Friday, October 25, 2002

Using government resources for political gain:

We read in the New York Times that Bush is on the campaign trail.
His day of intensive campaigning started early in North Carolina, his fifth visit there this year, to help the Senate campaign of Elizabeth Dole, who briefly ran against Mr. Bush for the Republican nomination for president two years ago. It continued through South Carolina and Alabama as Mr. Bush repeatedly described the Senate's performance this year as "lousy."

In South Carolina, Mr. Bush appeared before a crowd of several thousand in an airplane hangar, alongside Mr. Sanford, who is challenging the incumbent Democrat, Gov. Jim Hodges.
Well, lookie here at the White House website. They got his speech and photos from the S. Carolina event. In case you are wondering if the speech was non-political, here are some excerpts [transcript from W.H. website]:
You need a governor who's willing to change the tone of this state. You know, there's just too much partisan bickering that goes on in the Statehouse. You need somebody who is going to rise above it all, somebody who doesn't need a poll or a focus group to tell him how to think, somebody who stands on principle. (Applause.) Somebody that's going to be the governor of everybody when he wins. And that person is Mark Sanford. (Applause.)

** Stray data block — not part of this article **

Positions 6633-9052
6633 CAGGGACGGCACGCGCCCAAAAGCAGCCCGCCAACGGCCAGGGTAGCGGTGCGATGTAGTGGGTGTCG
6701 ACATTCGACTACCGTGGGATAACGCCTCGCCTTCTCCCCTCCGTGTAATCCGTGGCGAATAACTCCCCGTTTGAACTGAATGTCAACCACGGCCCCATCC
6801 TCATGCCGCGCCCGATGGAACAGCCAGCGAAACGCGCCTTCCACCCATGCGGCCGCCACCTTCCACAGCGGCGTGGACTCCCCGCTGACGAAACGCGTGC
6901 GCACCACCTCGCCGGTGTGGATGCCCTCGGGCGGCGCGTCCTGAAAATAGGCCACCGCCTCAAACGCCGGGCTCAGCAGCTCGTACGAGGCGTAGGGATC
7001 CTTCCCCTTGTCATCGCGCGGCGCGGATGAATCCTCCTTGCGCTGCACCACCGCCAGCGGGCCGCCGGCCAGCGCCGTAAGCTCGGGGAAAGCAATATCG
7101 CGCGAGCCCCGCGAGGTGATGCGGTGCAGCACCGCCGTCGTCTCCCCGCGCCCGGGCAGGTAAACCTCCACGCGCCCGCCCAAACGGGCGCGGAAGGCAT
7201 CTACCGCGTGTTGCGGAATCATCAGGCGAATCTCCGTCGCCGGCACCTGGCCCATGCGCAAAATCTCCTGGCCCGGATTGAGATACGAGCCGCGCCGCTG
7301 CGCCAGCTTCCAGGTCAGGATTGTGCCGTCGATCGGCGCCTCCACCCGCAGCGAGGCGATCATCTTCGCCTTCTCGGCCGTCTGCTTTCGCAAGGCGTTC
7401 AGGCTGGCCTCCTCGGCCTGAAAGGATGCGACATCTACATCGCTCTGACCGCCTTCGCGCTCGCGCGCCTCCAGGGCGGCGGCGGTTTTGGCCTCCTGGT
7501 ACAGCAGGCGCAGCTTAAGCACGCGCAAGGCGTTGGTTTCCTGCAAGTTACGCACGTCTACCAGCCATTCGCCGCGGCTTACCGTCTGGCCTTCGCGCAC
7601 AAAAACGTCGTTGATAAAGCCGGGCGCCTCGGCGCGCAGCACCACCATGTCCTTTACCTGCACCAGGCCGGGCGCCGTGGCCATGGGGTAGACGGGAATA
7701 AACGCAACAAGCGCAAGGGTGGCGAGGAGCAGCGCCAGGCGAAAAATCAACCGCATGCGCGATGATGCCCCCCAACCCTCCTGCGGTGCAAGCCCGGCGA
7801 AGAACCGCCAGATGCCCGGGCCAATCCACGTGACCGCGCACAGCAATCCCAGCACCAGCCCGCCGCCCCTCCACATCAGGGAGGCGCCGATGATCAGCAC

... he's going to make you a good governor. I urge you to -- as they're coming down the pike, to support this good candidate and his family with your vote, with your energy, with your enthusiasm and, sure enough, on election day, you will have Mark Sanford as your governor. (Applause.)

No question in my mind, the right man to take the place of Strom Thurmond is soon to be United States Senator Lindsey Graham. (Applause.)

The death tax is bad. The marriage penalty is bad. The child credit is good. Reducing income tax rates helps small business. For the sake of economic vitality, you need to have a United States senator who will make the tax cuts permanent. (Applause.) And that's Lindsey Graham.
Isn't using the White House website to promote a political speech a violation of the law?

Minor additional note: Bush made this comment:
... the best way to secure the homeland is to chase these killers down, one person at a time, and bring them to justice.
That's not correct. The best way to secure the homeland is to prevent (as best as possible) terrorists from acting in the first place. But, just like the corporate scandals, Bush lives in a world where one doesn't regulate or prevent problems. Instead, it's a world where all hell breaks loose and only afterwords, are the culprits sought for punishment.


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